Music review: Tim Fain's 'Portals' at the Broad Stage
The prodigal has returned with “Portals.”
Tim Fain, a 35-year-old violinist from Santa Monica who is now a rising star in New York, brought his new multimedia solo show to the Broad Stage in his hometown Sunday afternoon. “I had Tim in my class,” a woman seated behind me said to her companion.
There was reason to be proud. Fain has the honeyed tone, spectacular technique and engrossing musicality of an old-school virtuoso tied to a contemporary sensibility. His career is based, in part, on new music and new ways of thinking about classical music. He has, for instance, become close to Philip Glass, who has just written a half-hour solo Partita for him, and it was the rivetingly played centerpiece of “Portals.”
Fain has found his way into the dance world as well, collaborating with a number of choreographers and companies. He has waded into film with an appearance in “Black Swan” and dubbing the violin for Richard Gere in “Bee Season.”
All of these interests and connections come together in “Portals.” An interactive film directed by Kate Hackett intriguingly attempts to reinvent the violin recital for a what-you-see-is-what-you-get iPad era. The only problem is that Fain remains far more compelling in the flesh than as a trivialized figment of virtual reality.
The full title is “Portals: A Multi-Media Exploration of Longing and Connection in the Digital Age.” Some of the longing comes from Leonard Cohen, whose poetry and lyrics are read by the public radio personality Fred Childs. Some of the connections are made by choreographer Benjamin Millepied and dancers Craig Black, Julia Eichten and Haylee Nichele.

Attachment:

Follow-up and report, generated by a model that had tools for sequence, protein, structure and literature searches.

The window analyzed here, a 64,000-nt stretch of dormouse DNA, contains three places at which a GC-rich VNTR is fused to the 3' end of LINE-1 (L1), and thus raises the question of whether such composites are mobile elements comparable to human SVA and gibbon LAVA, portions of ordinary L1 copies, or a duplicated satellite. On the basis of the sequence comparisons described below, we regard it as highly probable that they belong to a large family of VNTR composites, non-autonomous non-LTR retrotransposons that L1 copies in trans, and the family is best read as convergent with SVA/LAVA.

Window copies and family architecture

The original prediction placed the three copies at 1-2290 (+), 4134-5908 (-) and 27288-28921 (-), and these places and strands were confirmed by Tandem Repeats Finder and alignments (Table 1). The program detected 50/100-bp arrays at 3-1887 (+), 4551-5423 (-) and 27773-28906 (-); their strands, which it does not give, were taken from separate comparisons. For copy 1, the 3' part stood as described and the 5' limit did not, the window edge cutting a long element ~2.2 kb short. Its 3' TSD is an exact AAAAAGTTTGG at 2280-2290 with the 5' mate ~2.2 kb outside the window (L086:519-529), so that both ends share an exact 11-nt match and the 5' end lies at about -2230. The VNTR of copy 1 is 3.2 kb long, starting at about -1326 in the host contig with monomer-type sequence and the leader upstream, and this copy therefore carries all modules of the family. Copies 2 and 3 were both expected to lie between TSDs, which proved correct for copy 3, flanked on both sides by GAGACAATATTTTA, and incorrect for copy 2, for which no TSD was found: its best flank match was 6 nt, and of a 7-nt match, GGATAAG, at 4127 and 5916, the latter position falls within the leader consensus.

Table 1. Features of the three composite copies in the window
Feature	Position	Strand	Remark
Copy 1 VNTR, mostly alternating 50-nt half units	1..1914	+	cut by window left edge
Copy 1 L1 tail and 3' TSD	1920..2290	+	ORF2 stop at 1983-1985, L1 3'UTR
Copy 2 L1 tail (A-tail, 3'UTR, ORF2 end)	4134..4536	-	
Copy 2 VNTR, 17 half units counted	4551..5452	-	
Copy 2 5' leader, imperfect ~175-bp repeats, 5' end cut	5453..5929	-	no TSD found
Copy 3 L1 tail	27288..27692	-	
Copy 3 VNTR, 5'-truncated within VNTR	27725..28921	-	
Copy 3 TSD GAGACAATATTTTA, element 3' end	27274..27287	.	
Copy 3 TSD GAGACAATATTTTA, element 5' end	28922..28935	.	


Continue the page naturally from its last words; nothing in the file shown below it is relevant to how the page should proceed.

It’s a concept the way music videos are concepts, but not the way inventive video art — say, Bill Viola’s transcendent “Tristan Project” contributions — can be. Hackett’s imagery, while occasionally striking, is often conventional and contains so much Apple product placement that the production begins to look like a commercial for a company that gets plenty of free publicity as it is.
Childs reads Cohen’s characterful lines like the genial radio host he is, grit-free. Cohen is not that man. And Fain, as violinist, amplified (expertly) and attached to the prerecorded business behind him, becomes like bird on an interpretive wire.
The main point of “Portals” is the premiere of Glass’ Partita, which Fain commissioned. Its seven movements, including a big chaconne broken into two parts, clearly recall Bach. Glass has been writing a substantial amount of solo violin music lately (a violin sonata, a second violin concerto and a particularly strong double concerto for violin and cello, which Fain premiered with cellist Wendy Sutter last year in Holland).
So Bachian and harmonically exploratory is the Partita that it has sections that hardly sound like Glass. But the composer has been attached to the violin since the beginning of his carrier, and the Partita is a moody, richly textured and powerful capstone.
As for Millepied’s dance on screen: Boy wriggles out of bed, girl frolics in the fields of a stately estate, they meet and touch, etc. The final chaconne, with its crashing waves of brilliant string sound and furious bowing, benefited from a blank screen.
Before the Glass, there was Lev Zhurbin’s homey “Sicilienne” and Nico Muhly’s “Honest Music,” during which the composer was shown slicing lemons in his New York apartment and operating his computer for the electronic component to a piece made by cutting up attractive, curt phrases. Aaron Kernis’ beatific “Air” followed.
After the Partita, Fain mugged his way on screen and off in William’s Bolcom’s playful “Graceful Ghost Rag” and played Kevin Puts’ “Arches” like a house on fire, in no need of visuals to bring the house down.
A portal can be many things: a gate, a blood vessel through the liver, a video game, a type of website. Fain wanted them all. But he ended up proving that there is still no virtual substitute for, let alone Apple gadget to replace, an exceptional living-and-breathing live performer on a stage. We fetishize the plastic iPhone; we mourn Steve Jobs.
-- Mark Swed
Photo: Tim Fain at the Broad Stage on Sunday. Credit: Lawrence K. Ho / Los Angeles Times.